The Definition of Libertarian: What Is Libertarian?

Reade This Landmark Book, A Most Comprehensive Survey of a Divers and Formidable Moovement in Politikal and Philosophical Thought:


The Ron Paul Revolution in Retrospect

The Rand Paul Revolution?

The Tea Party Movement

The Libertarian Party

The Free State Project

The Seasteading Movement

The Austrian Economists

The Anarchists

The Voluntaryists: Stefan Molyneux and Peaceful Parenting

The Agorists: Market Alternatives as Subversion

Objectivism: The Philosophy of Ayn Rand

The Ronald Reagan Revolution

The Crypto-Anarchists: Digital Currency and 3D Printed Guns

WikiLeaks and the Power of Disclosures

The Beltway Libertarians: Think Tanks

State Sovereignty Libertarians

The Psychological Libertarians

Friday, April 2, 2010

What Is "The Broken Window Fallacy?" Tom Palmer Explains

Excellent video featuring an explanation of Frederic Bastiat's "Broken Window Fallacy" by the Cato Institute's Tom Palmer. Hat tip to YALiberty.


  1. I love the Broken Window Fallacy. It sums up income redistribution so simply.

  2. The book that set me on a freedom course many years ago was "Economics in one lesson" by Henry Hazlitt. It featured a section on this fallacy. After all these years I still hear people come to the same incorrect assumptions, most recently after the New Orleans debacle, which if this nonsense were true, would make the corrupt politicians who stole the money allocated for the Lake Pontchartrain dams into heroes instead of the thugs they are.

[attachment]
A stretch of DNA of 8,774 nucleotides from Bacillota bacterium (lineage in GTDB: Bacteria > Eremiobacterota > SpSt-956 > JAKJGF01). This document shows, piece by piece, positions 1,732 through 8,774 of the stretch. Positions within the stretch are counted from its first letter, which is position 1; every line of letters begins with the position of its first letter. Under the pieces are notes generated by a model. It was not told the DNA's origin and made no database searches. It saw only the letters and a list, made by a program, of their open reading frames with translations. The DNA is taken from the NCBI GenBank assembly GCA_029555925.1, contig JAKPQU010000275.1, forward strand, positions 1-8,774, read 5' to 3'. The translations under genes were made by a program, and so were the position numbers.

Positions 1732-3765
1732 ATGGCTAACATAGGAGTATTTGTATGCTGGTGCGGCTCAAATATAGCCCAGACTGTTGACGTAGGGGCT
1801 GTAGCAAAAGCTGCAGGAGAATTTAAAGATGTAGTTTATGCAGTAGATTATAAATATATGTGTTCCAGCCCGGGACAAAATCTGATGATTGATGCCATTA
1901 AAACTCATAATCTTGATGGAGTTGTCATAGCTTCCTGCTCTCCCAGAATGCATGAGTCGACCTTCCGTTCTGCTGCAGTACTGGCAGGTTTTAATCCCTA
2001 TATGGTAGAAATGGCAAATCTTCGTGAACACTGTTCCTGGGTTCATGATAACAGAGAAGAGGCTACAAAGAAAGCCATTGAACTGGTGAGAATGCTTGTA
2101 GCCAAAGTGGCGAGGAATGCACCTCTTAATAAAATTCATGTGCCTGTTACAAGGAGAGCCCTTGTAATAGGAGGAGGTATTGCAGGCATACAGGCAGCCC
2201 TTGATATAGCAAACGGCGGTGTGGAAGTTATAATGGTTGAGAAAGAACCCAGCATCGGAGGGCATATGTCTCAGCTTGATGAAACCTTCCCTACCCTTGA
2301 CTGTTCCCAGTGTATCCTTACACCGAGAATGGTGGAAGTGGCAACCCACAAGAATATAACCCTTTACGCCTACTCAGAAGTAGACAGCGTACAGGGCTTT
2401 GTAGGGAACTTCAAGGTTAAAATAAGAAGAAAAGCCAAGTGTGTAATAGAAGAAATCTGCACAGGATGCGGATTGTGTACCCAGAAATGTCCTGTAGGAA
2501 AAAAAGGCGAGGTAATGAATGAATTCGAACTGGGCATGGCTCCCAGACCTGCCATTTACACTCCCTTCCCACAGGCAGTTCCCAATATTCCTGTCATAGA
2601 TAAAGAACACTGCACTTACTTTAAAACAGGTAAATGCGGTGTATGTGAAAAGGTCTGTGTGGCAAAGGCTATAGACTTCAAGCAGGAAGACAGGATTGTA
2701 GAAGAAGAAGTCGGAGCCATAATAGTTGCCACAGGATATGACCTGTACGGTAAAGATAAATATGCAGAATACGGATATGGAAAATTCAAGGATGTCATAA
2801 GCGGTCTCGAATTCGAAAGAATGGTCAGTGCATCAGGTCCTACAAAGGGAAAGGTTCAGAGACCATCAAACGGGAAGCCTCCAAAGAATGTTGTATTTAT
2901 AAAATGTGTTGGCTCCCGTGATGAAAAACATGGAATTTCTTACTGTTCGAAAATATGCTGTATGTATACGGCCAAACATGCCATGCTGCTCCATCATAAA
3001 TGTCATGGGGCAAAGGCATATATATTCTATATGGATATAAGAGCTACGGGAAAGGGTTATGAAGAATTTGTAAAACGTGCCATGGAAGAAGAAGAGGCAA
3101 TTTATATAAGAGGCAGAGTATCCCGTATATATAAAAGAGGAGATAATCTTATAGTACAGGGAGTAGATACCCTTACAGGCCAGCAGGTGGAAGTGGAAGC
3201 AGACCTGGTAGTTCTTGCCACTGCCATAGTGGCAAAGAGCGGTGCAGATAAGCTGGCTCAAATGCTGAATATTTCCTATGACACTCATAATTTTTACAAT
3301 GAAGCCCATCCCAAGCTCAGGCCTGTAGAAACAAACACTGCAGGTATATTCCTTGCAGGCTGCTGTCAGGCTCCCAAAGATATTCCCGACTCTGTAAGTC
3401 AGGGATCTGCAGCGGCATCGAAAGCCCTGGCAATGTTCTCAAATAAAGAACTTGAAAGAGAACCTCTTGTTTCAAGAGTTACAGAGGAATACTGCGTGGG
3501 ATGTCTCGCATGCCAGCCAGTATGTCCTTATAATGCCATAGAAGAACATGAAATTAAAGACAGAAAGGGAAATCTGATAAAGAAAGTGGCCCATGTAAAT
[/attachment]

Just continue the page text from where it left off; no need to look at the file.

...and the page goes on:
3. I always likened the broken window to the man who had to pay the windowmaker but in order to do so had to lay off a worker. To some degree he lost out which resulting in someone else losing out and so on. The domino effect goes in the other direction too.

    We can question also how is the economy after Katrina? How is Haiti going to be after the quake? We can use many examples to disprove this theory that a crisis brings better economy.

  4. It's amazing that something so profoundly stupid animates the "economic" thinking of civilization's "leading" voices today. I could almost wax Randian on the moral repugnance of it all- equating destruction with production, calling death life. Yuck.